Be on the lookout for the December issue of The Blue & White, arriving on campus this week. In the meantime, Bwog will honor our heritage/amorous affair with our mother magazine by posting features from the upcoming issue. Such treats include a discussion of Occupy Wall Street with Columbia professor Todd Gitlin, a look at Columbia’s proposal for a new engineering campus, and the politics of space in Lerner. Below is Peter Sterne’s investigation into Barnard’s budget woes.
Colleges are in the business of education. Though they are large private corporations that manage hundreds of millions, if not billions, of dollars a year, as non-profits, institutions of higher learning have a culture distinct from that of most for-profit private corporations. As Greg Brown, Barnard College’s Chief Operating Officer, says of the industry, “This isn’t corporate America, where the COO makes 100 times what anyone else makes.” In order to fulfill its mission, though, Barnard has to manage its money well, which requires it to make decisions that, in the short-term, may not be seem to be in the best interests of its students.
Barnard, eking out its existence on a tiny endowment, has faced financial difficulties for years, and as a result, recently adopted policies aimed at increasing revenue that have upset many students. Last year, it required all students, even those commuting to school or attending part-time, to purchase a mandatory meal plan, which costs at least $300 a semester. In October, Dean of Barnard College Avis Hinkson officially ended the informal practice of allowing some students to enroll as part-time students for their final semester of senior year, and paying significantly less for these fewer credits. The elimination of part-time enrollment set off a wave of controversy and renewed scrutiny of Barnard’s budget.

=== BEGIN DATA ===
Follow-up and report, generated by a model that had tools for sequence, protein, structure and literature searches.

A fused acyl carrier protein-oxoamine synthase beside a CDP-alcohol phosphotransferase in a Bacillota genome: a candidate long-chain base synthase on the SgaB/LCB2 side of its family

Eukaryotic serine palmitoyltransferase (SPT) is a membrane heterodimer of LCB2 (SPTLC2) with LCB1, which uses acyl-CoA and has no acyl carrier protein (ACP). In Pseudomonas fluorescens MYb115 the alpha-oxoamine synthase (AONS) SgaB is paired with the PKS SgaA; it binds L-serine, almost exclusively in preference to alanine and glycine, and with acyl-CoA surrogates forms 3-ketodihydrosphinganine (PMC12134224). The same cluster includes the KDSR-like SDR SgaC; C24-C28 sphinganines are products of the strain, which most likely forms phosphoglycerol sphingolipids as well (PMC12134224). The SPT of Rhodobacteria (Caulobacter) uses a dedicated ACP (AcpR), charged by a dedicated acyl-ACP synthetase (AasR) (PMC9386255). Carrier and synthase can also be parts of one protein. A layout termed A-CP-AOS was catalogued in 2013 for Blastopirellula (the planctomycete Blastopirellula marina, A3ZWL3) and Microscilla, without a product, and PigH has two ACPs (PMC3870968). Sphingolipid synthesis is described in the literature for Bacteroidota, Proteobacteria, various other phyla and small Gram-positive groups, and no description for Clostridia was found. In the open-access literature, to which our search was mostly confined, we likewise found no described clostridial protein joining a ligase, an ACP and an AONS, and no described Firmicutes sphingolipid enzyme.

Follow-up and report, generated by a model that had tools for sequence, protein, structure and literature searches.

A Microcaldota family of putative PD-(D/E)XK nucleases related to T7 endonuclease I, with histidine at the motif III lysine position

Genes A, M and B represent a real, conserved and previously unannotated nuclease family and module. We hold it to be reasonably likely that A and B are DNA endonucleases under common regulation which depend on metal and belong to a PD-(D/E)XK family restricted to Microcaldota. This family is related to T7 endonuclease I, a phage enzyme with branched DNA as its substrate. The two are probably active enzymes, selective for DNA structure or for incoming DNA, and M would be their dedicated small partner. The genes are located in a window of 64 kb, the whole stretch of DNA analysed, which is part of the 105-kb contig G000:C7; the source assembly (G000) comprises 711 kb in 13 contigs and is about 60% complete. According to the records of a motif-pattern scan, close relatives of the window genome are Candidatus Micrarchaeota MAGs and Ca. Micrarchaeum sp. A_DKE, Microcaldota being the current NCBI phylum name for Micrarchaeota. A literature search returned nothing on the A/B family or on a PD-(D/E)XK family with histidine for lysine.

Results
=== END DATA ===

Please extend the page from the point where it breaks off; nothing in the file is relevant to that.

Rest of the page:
Technically, Barnard has always required all students to enroll as full-time students for all of their eight semesters. In practice, though, any student could petition for part-time enrollment, and these petitions were almost always granted. Barnard thus developed a culture of part-time enrollment, and in some cases academic advisers even encouraged students to enroll part-time. Now that the informal policy has been eliminated, many students are concerned. “It will certainly limit options of being ‘strong and beautiful’ on campus, given that students generally took this chance to take on special jobs and full-time internships,” says Hannah Goldstein, BC ’13. An outspoken critic of the change, she had planned to enroll part-time for her final semester next year and warns that the change “will encourage finance-conscious seniors to cut their time here short,” prompting them to graduate a semester early rather than pay for the cost of a final full-time semester.